Driving While Texting Causes Deaths: But, Does Outlawing it Make Us Any Safer?12.15.10
Such was the case for a 20-year-old woman in Glendale. After a three-month investigation in a fatal accident, it was concluded that the driver was texting when she ran a stop sign, striking and killing an 80-year-old man.
Mayor Ara Najarian said distracted driving and traffic collisions involving pedestrians had reached “an epidemic point in Glendale.”
The son of the deceased offered this:
Following the crash, the son, Roger Ranjbar, said he hoped “it was an accident, and nothing else like alcohol, or drugs, or like texting or talking on the phone.”
To which I say: what difference does it make?
Not to say that this isn’t tragic. To be 20-years-old and facing potential manslaughter or murder charges for typing “BRB” to her friend is devastating and life-changing to say the least. And I know how annoyed I get when someone cuts me off on the road and I see that they have a cell phone up to their ear (which is also illegal in California, but whatever), so to know that your father was killed because of similar behavior would most likely be maddening and infuriating.
But, aside from the emotional fury, what does it matter? Whether she was texting, chatting, doing her makeup, changing out a CD, changing the radio dial, turning down the volume on the stereo, adjusting her mirrors, eating, or any number of other possible things that people do when they’re behind the wheel, the result is the same: she failed to stop at a stop sign and, now, a man is dead.
Granted, texting is by far one of the the worst activities you can do while driving. With just about everything else, you at least have your eyes up — but texting you’re usually looking down into your lap, especially now in California because you don’t want a cop to see that you’re holding your phone in your hand. I think it’s beyond stupid to text and drive even though I’m not perfect and I used to text occasionally while I drove — now I make a point of not doing so. Not because I’m so worried about the ticket but because I don’t want to end up pulling a 20-year-old-texting move like that Glendale girl.
At the same time, I do use my phone as my iPod, so sometimes I glance over-slash-down to change songs. Is that different? Is that illegal? I don’t know how many times I’ve done that and wondered if I got pulled over if I could argue my way out of the ticket since changing the radio dial isn’t illegal, so why should this act be outlawed? Where do you draw the line?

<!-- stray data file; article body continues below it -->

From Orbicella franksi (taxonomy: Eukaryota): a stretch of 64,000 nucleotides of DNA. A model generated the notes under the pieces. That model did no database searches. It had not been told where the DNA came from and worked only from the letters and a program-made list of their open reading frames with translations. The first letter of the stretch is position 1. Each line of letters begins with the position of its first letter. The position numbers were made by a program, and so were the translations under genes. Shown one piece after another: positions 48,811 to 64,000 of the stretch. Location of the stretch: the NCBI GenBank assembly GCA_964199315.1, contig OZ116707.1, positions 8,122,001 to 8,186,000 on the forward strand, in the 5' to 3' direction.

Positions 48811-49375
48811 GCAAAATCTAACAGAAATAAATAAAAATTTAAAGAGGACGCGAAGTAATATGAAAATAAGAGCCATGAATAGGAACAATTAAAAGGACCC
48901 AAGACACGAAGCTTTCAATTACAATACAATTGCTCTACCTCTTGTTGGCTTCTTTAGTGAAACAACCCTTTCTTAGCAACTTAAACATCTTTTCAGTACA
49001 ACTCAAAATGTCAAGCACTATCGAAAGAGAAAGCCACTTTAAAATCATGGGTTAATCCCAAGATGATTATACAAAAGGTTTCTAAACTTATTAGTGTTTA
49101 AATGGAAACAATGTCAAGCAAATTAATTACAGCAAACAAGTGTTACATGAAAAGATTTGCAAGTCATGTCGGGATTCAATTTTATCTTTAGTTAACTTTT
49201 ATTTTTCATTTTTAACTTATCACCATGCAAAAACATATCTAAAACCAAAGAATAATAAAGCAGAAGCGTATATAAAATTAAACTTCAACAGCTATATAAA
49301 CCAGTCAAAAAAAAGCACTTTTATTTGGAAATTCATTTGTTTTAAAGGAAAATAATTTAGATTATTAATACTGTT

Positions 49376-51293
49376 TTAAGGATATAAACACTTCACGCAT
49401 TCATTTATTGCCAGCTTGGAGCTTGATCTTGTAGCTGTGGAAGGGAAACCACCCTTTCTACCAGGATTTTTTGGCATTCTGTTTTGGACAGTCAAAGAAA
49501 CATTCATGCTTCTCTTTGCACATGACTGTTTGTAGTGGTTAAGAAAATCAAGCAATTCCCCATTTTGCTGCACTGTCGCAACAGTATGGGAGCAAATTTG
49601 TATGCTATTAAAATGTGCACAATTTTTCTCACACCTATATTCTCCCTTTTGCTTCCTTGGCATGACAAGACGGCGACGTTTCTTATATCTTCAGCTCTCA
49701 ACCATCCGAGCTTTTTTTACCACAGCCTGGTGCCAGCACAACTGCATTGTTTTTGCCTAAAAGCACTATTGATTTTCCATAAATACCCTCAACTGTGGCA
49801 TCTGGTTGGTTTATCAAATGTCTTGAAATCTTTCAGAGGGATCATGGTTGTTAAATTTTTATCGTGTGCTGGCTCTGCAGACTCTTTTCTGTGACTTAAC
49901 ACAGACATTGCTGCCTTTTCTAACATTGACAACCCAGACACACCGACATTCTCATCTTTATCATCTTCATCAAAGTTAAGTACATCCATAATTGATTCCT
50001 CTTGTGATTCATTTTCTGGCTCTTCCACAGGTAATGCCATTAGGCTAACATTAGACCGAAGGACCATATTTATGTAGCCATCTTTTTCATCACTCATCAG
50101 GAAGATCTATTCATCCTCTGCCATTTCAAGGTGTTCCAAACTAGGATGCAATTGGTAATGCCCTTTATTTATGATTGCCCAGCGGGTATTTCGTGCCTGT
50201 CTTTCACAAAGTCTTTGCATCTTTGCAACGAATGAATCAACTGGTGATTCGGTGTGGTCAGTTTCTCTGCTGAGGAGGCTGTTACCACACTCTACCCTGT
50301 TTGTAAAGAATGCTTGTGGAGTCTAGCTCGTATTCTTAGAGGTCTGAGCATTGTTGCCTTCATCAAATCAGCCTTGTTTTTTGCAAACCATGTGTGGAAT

The reality is that driving is inherently dangerous. Way more than most of us acknowledge. Living in Los Angeles, it’s commonplace to hear talk about a “fatal accident” on the radio when they give the frequent traffic update on the drive into work in the morning. Think about that: people driving to work will die every single week, just commuting, an everyday activity for most of us — for any number of reasons. So often that it’s not even shocking when I hear it from the morning shows.
My point is this: don’t trust anyone else behind the wheel. If you’re driving, be aware of everyone around you and don’t trust a soul to obey traffic laws. No texting ban or cell phone ban or eating ban or whatever they impose will make us any safer — people will still be idiots when driving. It’s up there with death and taxes.
Case in point: just this morning as I was driving through an intersection because the light turned green, I noticed a woman on a bike riding down an alleyway headed toward the street. I assumed she was going to stop since, well, there was a line of on-coming traffic headed her way with the right-of-way — but, I left off the gas anyway. Sure enough, without even bothering to glance to either side, she just kept on riding – slowly – across the street right in front of me as I slammed on my brakes. Oblivious, completely. Or suicidal.
The only thing you have control over is yourself, and defensive driving is your best way to stay safe.
Image courtesy of mrJasonWeaver’s Flickr Photostream.